If you're at a Starbucks waiting in line, why bother checking in when you can escape into a get-away world and fight gangsters, or be a mob boss, and combat your way toward becoming Kingpin of Starbucks (at least on the corner of Battery and California). For the more than three million folks already playing "Life is Crime" on their Android and iOS devices, this sounds familiar.
So popular is the mobile game that the maker, one-year-old Red Robot Labs, announced Wednesday that it's raised $5 million in a strategic investment from Next Media, a Hong Kong-based media conglomerate, as a way to expand into Asia.
These new funds come on top of an $8.5 million round announced just last September from Benchmark and Shasta Ventures and a seed round of $2 million raised in January 2011 when it launched, from Chamath Palihapitiya, founder of The Social+Capital Partnership and Rick Thompson, co-founder of Playdom.
“For us, we always viewed Asia as a very strong growing game market especially for mobile, and particularly in Japan," said Mike Ouye, co-founder and CEo of Red Robot Labs, in an interview with me. "While we were exploring going out there, we were looking for a strong distribution partner, not only to get our games to more people but also to accelerate the use of our [R2] platform."
The R2 platform, which is currently in development, will allow third-party developers to build location-based games on top of it. One of the reasons behind the Next Media partnership and investment is because Next Media, one of the largest animation studios in Asia with more than 500 creators and artists in Taipei, Tawain, plans on developing "location-based" games on top of the platform.
The R2 platform will be ready for release in the second quarter, according to Ouye. At that time, Red Robot Labs also plans to release at least two more location-based games that are in the works. One game is going to be a fast-paced, arcade-style game (think Bejeweled or Pac-Man).
But even without those games released, Life is Crime, which was only released in August 2011 seems to be crushing it.
At the moment, it ranks No. 16 in the top-grossing app list for Android devices. The game also appears to be very lucrative. While it's free to play and there are no advertisements, players spend money on buying weapons and gear to defend their turf or conquer new locations. Turns out, it's expensive being a mobster and protecting your property. Not surprisingly, the game has a very male following.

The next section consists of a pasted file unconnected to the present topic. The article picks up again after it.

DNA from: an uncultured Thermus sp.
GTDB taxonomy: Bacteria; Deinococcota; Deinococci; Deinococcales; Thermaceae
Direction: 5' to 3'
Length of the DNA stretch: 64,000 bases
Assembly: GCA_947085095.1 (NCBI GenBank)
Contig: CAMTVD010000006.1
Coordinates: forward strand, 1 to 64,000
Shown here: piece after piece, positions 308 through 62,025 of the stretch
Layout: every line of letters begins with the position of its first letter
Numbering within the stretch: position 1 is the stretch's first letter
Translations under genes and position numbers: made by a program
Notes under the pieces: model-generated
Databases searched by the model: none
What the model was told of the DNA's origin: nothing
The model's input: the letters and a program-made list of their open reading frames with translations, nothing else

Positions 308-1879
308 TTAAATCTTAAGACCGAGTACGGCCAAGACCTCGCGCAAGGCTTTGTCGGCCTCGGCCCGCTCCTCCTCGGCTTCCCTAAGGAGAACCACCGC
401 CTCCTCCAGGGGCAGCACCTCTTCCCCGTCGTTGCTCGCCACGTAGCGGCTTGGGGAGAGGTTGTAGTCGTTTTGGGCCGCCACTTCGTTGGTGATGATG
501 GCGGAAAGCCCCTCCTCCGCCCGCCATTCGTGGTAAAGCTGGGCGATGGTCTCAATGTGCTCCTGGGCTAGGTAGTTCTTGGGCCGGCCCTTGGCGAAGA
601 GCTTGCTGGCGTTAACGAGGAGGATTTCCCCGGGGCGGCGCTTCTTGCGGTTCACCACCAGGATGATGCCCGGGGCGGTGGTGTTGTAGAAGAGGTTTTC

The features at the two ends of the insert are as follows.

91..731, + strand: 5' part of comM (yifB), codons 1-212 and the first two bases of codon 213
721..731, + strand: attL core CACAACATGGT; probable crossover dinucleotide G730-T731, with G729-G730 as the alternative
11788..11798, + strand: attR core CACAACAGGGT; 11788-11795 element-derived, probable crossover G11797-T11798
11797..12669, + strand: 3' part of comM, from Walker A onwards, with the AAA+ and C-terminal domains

But Ouye says that one of their newer games will be more gender neutral. While the games business is a hits-driven business, you can probably expect a lot of solid games from the team at Red Robot Labs, given their background. Ouye ran monetization at Crowdstar and Playdom. His co-founders Pete Hawley (chief product officer) and John Harris (CTO) have extensive backgrounds in the gaming industry.
Opportunity in mobile, location-based games
At this point, you're probably thinking that Red Robot Labs is big on location-based games. And, you're right. "Longer term. Focusing on location will be a great competitive advantage," said Ouye.
Indeed, just looking at the mobile gaming space alone, shows an exploding market as more players appear to be increasingly playing on their mobile devices. A recent study by MocoSpace showed that half of game players are on mobile devices. And if you look at the amount of time spent playing, it's also quite a fair amount. About 21% reported that they spend at least an hour playing every day on their mobile phone.
At the same time, there's a lot of consolidation in the mobile-gaming space as larger players look for growth. Recently, Big Fish Games bought Self Aware Games, a publisher of one of the top-grossing mobile games on the iPhone and iPad.